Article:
So what do we make of terrorists employing religious symbolism and rhetoric? First, we need to listen more carefully and what we hear beneath the religious veneer is a fundamentally political, not religious, argument. From the Boston bombers to the gruesome murder of a British soldier in Woolwich, terrorists justify their violence by citing modern grievances not medieval exegesis.
We can say the same about terrorists of every stripe actually. The symbols and language they employ depend on their cultural background, but their core message is the same: Perceived wrongs require violence to correct. One of the most extreme examples of this was two years ago in Norway, when Anders Breivik, who advocated the violent annihilation of “Eurabia,” bombed government buildings, killing eight people, and struck a youth summer camp in Oslo, shooting 69 people dead, many of them teenagers.
Second, whether a terrorist claims to defend Islam or Europe’s white Christian majority, his or her identity provides the context, not the cause, of their radicalization.
SHAFAQNA – What do you mean by his or her identity provides the context and not the cause? Are you implying therefore that radicalisation is a social deviance which bears no link to Islam whatsoever?
Take the August 2012 case of Wade Michael Page, a right wing white supremacist, and his lethal attack on a Sikh temple in Oak Creek, Wisconsin. According to a man who described himself as an old Army buddy of Page’s, the attacker often talked about “racial holy war.” His white conservative background didn’t cause his radicalization anymore than being Muslim or Chechen caused the Boston bombers to turn to violence. In both cases, the radicalization occurred within the criminal’s cultural context and therefore took on the symbols, on-line space and rhetoric of this sub-culture.
As such, the mainstream Muslim American community is no more responsible for deviant Muslims who turn to terrorism than the Republican party is responsible for right-wing radicals who do the same. In fact, far from acquiescing to this violence, according to Gallup’s 2011 report on U.S. religious communities, Muslim Americans are the most likely U.S. faith community to unequivocally denounce attacks on civilians as morally wrong, whether by an individual or a military.
According to the best research, Muslim radicalization in the West occurs outside the community, in spite of the community and in defiance of the community.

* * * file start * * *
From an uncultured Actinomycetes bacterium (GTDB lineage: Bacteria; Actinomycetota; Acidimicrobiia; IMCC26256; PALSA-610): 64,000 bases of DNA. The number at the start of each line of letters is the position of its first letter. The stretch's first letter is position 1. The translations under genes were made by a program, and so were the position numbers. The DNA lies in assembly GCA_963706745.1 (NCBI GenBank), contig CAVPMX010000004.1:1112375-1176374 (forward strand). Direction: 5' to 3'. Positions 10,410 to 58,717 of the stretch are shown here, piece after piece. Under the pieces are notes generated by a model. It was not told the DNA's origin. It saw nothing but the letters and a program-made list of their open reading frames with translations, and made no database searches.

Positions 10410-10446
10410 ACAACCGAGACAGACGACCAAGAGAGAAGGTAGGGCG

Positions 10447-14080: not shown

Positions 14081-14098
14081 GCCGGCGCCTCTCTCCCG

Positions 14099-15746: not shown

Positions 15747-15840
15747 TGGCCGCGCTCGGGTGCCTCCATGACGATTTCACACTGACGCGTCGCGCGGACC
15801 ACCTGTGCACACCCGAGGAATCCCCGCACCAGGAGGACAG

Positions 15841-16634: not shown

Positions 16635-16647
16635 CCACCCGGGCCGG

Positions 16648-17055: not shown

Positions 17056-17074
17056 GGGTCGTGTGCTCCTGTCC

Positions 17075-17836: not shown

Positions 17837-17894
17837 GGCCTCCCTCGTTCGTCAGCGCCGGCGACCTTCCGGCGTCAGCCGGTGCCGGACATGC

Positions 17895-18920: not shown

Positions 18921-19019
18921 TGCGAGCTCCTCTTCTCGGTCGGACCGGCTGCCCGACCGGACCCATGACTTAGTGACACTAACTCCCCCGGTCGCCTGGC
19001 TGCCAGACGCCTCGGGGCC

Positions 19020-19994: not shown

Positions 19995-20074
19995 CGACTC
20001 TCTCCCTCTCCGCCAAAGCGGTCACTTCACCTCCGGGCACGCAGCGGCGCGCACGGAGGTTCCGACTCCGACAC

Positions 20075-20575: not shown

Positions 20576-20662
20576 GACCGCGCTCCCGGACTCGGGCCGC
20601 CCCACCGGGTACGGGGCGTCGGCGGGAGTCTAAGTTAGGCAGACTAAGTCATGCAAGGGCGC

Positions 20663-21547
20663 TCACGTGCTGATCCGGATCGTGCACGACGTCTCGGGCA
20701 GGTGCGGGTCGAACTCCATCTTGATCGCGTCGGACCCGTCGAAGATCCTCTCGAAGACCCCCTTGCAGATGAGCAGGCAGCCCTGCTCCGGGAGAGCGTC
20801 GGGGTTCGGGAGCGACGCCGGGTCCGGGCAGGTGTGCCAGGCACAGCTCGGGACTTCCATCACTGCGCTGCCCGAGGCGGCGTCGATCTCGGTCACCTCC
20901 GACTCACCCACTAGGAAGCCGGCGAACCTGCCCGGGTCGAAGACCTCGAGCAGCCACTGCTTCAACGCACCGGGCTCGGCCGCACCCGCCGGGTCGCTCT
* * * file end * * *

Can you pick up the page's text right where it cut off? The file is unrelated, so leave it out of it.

SHAFAQNA – Since it was established that terror is its own disease why aren’t governments doing more to outroot it instead of waging war against the very people which have become extremists’ hostages? What of rising Islamophobia in the West?
Much can be done, but nothing will be as effective as ending acute conflicts involving the U.S. in the Muslim world and bring about a just settlement to the Palestinian-Israeli conflict.
Muslims are Al Qaeda’s number one victims, so no one wants to end this senseless violence more than they do. Al Qaeda also preys on their young men, exploiting their anger at often times legitimate grievances, to recruit them into a life of crime. So no one wishes to see an end to this more than Muslims do. The most important steps that should be taken is to educate our young people on their faith. The Islam of the Qur’an cannot coexist in the same heart and mind with the ideology of Al Qaeda. They are opposing forces and the stronger their understanding of the former the more able they will be to see the falsehood of the later. Women, as mothers, teachers, scholars and community leaders can play a vital role in this regard.
What can you tell us about Westerners’ belief that Muslim women live in the shadows, the victims of a patriarchal society? What do Muslim women think?
The views of Muslim women are complex. They want and expect equal rights, but say that their faith is not the barrier to achieving this goal. Most regard their faith as a force for freedom, not fanaticism. However, like most women, their main concerns are similar to those of any other citizen in their country, and revolve around development, education and unemployment, not “women’s rights.” As for the “veil”, the majority of Muslim women say they cover their hair in public and when asked why the most common response is that they believe it is a religious mandate. Simply put, it is part of practicing their faith. Women who wear it associate it with not only piety but “confidence” and “dignity.”